Brandstätter Verlag, 2012
120 pages with color Illustrations
30 × 24 cm, hardcover
German / English
ISBN: 978-3-85033-715-1

With a foreword by Prof. Agnes Essl, essays by Alexandra Matzner, Rainer Metzger, Elmar Zorn and an interview held by curator Günther Oberhollenzer.


Rainer Metzger
The Journey from Work to Œuvre Three notes on the art of Xenia Hausner
Let me say this right away: Xenia Hausner’s paintings are the result of tremendous, painstaking care. Care that goes into the use of camera and brush, the filling of surfaces, the creating of relationships and calibrating of distances. Care in the way in which nonchalance meets determination and a certain detachment meets untiring dedication. Care invested in a great deal of preparatory work, in arranging, organising, displaying, building models, racks and props and developing poses. (…)
Figuration adds an aspect which is non-artistic, in the original sense of the word. Figuration runs counter to seamless autonomy. Figuration has to do with reality, and the tertium comparationis between reality and image is mimesis, or the imitation of a physical given. This mundane reference relates the painting to the outside world. Hence, figurative paintings will not be part and parcel of the gestures of radicalisation, going-one-better and steady progression that the last century kept dreaming of. This is why figuration was considered reactionary in times of orthodox modernism. Despite its grim determination to maintain a relationship with the world, figuration is timeless, at best. It is about as time-bound as the reality it portrays. Figuration lives on reference, either way. An important aspect in this mundane referentiality is not pictorial but linguistic in nature, however.
Xenia Hausner very often uses the picture-within-the-picture approach, adopting inscriptions, objects and postures which are not simply motifs but are iconic elements known from other visual-art contexts. (…)

Alexandra Matzner
Women without Qualities? On Xenia Hausner’s role-play and the inexhaustible mystery of her paintings
Women – often interacting in mysterious ways – are quite obviously the stars in Xenia Hausner’s oeuvre. Women are simply the more beautiful of the sexes (1), is how the Austrian artist explains why she has been using them as her preferred motif for years. And yet she wants to be considered a painter of human beings, since for her women also represented the male sex. It is usually female faces that intrigue the artist and whose structures she depicts, sometimes delicately and realistically painted, sometimes in thick daubs of paint. The artist’s expressive “grasp” of her figures, or so some people interpreted it in the past, seems to have given them bluish-green hematomas under the skin.2 Symbol-laden red very often plays a major role, it being the metaphor of both love and desire and pain.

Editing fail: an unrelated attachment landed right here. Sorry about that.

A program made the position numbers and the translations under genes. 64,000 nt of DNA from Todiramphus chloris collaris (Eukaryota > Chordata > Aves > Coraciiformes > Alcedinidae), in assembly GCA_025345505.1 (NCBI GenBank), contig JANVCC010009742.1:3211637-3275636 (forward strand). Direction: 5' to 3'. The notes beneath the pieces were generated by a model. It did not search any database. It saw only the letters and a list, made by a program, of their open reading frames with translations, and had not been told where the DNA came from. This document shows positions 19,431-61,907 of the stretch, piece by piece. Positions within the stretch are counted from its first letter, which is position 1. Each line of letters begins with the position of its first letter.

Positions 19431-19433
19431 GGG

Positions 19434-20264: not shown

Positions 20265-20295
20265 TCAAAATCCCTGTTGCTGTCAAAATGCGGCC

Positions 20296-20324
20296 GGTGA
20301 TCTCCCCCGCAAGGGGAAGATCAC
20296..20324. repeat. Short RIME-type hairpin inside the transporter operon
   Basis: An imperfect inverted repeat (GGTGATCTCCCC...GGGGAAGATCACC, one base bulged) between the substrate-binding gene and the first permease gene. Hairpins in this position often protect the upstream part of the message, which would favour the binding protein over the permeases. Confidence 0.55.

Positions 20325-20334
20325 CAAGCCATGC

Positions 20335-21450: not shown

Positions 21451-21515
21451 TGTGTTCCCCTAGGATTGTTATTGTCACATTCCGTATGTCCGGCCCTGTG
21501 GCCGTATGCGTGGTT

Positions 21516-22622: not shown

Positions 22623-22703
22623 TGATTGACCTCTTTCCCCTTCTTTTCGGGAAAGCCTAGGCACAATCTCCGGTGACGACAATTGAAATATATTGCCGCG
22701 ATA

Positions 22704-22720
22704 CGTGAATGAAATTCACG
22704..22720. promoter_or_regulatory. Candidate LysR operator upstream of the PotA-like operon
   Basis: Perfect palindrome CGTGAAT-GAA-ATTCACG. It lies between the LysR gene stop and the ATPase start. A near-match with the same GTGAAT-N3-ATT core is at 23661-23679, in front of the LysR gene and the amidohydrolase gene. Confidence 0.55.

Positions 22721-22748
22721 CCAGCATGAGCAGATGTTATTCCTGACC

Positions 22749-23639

The war of materials Hausner wages at the easel with gusto and suffering also includes the painting support, as Xenia Hausner has refused for years to be restricted by the initially chosen formats: depending on her needs, they may grow or shrink in the process. The material used for extensions, often cardboard, is not hidden but brought out in all its contrasting materiality. (…)

Elmar Zorn
Ecce pictus Xenia Hausner’s exposure of painting
With a radicalism otherwise seen only in the great non-conformists of painting history, such as El Greco and Egon Schiele, Xenia Hausner exposes the protagonists of her paintings to their surroundings in collisions of colour that burn themselves onto the spectators’ retina (as in El Greco), unforgettable for those who have seen them – a truly incestuous riot of colours – or in exaggerated bodily expressions at the outer limits of physical and mental nakedness and beyond (as in the contorted postures and stares of the figures transfixed on canvas by Schiele). (…)
Again and again, Xenia Hausner will expose herself, her models and her work to portray that “a life with art“ is a life in jeopardy. The attentive viewer will not be able to withstand the magnetism, the ecce pictus – “behold this wounding and wounded art” – of these paintings of life and art that implode onto the canvas. In a certain way, the viewers will even find themselves tumbling into the pictures in free fall.
There is never anything less than that at stake for Xenia Hausner.

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